Although the NCAA is planning to change the rules, right now their rules prevent college athletes from getting sponsorships, working with agents, or getting any other compensation besides scholarships.
Ideally this keeps student athletes focused on academics. However, colleges, media, and the NCAA all make money off of students who never get a piece of that revenue. Some lawmakers believe that’s unfair.
Current laws on student athlete compensation
Right now the National Collegiate Athletic Association (NCAA) has rules that prevent student athletes from receiving any compensation for playing sports, besides scholarships. This past fall the NCAA Board of Governors voted to revise their rules to allow some sponsorship and other advertising deals for student athletes. Those changes are still in the works, so the ban on student athlete compensation is still in effect at UNH and other New Hampshire colleges.
Rep. Garrett Muscatel is sponsoring a 2020 bill, HB 1505, which would prohibit colleges and the NCAA from blocking compensation to student athletes for use of their name, image, or likeness rights, or athletic reputation.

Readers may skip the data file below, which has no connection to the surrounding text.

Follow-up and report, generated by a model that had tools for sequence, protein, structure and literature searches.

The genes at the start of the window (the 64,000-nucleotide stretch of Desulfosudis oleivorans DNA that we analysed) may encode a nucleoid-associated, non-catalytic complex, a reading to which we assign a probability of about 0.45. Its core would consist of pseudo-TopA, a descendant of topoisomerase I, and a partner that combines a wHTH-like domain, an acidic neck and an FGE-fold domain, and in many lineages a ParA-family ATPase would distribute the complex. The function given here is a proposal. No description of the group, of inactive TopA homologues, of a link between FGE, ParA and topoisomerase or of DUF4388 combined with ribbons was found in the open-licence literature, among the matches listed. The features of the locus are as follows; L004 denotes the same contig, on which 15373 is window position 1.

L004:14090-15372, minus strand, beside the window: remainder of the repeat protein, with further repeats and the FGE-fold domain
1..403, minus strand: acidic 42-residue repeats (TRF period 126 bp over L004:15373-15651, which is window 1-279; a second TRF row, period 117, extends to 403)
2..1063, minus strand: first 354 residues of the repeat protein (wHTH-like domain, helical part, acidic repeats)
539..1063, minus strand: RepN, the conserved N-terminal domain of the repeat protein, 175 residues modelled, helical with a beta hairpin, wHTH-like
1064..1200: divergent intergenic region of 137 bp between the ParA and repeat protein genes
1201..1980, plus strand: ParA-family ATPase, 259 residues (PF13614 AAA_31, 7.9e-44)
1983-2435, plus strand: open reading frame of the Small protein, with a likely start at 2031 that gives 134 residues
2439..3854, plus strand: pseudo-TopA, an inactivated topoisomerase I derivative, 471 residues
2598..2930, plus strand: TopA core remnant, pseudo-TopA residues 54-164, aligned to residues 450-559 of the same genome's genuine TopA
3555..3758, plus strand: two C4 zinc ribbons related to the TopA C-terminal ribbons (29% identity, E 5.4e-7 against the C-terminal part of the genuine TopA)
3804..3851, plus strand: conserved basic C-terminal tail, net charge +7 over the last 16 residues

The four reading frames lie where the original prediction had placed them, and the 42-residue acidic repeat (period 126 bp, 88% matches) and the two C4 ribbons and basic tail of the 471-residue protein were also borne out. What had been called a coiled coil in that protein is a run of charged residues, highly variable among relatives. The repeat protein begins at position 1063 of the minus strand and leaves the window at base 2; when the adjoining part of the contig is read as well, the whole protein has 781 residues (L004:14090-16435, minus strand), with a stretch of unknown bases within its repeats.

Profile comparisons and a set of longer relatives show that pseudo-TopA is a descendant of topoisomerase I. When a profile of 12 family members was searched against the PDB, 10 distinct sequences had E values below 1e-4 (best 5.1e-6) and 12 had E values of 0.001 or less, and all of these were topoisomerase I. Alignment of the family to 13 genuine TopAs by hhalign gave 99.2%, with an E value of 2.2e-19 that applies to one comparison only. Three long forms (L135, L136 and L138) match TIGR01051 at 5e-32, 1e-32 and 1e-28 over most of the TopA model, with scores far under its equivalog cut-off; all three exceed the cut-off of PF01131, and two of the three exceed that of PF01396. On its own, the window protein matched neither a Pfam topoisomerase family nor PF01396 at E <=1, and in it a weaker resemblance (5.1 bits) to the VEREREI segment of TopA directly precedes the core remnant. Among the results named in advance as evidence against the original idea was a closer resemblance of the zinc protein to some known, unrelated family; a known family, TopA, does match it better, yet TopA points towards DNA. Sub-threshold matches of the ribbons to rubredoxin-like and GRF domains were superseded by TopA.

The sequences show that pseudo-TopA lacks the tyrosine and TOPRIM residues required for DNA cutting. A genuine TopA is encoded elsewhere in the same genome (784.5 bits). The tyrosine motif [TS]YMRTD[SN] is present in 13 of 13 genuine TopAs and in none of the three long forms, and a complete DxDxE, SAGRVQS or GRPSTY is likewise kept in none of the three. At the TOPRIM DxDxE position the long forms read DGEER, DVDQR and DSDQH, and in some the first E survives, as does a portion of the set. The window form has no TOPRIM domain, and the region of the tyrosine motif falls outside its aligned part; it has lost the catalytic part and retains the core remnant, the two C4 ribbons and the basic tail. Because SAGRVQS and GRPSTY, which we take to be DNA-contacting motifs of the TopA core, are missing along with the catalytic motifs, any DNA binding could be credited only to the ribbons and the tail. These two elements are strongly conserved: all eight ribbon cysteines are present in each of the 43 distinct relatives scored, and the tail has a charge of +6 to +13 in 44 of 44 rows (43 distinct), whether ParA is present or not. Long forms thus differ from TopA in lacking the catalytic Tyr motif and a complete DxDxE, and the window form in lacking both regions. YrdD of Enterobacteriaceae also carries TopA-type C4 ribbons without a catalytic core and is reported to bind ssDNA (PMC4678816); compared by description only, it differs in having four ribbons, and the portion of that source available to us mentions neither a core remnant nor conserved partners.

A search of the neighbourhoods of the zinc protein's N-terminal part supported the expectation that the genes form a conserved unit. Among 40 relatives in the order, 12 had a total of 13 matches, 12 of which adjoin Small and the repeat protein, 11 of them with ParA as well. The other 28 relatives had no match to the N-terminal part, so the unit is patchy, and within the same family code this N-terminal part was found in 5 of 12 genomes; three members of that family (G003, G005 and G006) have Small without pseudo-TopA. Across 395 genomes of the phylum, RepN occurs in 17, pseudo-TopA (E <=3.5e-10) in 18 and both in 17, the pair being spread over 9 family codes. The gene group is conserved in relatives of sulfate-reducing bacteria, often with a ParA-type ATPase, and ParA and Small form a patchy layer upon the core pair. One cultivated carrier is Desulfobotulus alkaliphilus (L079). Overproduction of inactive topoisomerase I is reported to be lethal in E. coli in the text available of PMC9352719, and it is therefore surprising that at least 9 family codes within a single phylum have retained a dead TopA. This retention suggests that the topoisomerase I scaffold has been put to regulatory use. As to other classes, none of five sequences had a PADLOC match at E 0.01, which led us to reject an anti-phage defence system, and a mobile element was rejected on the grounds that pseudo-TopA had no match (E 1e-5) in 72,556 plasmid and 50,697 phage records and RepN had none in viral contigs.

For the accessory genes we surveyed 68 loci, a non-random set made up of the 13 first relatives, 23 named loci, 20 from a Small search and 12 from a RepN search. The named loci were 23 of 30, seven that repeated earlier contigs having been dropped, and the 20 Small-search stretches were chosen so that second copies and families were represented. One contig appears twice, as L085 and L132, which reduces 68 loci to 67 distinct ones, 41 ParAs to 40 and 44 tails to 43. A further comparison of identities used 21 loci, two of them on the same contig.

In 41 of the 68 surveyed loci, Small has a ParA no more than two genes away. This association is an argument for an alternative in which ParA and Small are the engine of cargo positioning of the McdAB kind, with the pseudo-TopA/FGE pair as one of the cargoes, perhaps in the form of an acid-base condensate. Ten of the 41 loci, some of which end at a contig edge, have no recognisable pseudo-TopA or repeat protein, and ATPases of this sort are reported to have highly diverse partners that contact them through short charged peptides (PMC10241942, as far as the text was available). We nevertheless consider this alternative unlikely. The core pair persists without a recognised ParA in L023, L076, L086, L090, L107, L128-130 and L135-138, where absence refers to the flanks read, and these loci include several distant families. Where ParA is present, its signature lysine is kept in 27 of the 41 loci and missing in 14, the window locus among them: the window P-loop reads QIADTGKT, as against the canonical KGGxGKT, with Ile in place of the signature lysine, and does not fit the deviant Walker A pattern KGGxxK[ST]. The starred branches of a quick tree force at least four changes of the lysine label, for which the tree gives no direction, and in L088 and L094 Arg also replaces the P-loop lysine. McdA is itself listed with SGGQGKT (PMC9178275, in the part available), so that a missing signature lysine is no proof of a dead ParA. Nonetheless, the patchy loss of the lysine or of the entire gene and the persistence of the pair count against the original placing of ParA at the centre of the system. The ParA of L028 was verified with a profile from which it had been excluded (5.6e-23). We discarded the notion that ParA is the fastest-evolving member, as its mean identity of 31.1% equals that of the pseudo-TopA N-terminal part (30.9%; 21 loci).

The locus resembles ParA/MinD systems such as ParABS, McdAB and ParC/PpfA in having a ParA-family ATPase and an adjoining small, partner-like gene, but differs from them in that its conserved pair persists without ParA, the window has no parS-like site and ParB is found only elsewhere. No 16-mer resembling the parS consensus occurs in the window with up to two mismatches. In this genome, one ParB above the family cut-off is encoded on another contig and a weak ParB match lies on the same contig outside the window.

In other words, HB 1505 would allow college athletes in New Hampshire to get sponsorship deals, work with agents, and so on.
Supporters of student athlete compensation point out that student athletes generate millions for colleges and businesses. Last year the NCAA had annual revenue over $1 billion. It is only fair for students to get a chance at some of that money on the table. College students are not barred from holding jobs in general, so why should compensation from advertising or sponsorship deals be any different?
A detriment to academics?
Opponents argue that sponsorship deals and other compensation will distract student athletes from what should be their primary focus: an education.
Student athletes also already get compensation in the form of scholarships, the use of top-notch athletic facilities and coaches, and free travel around the country for games.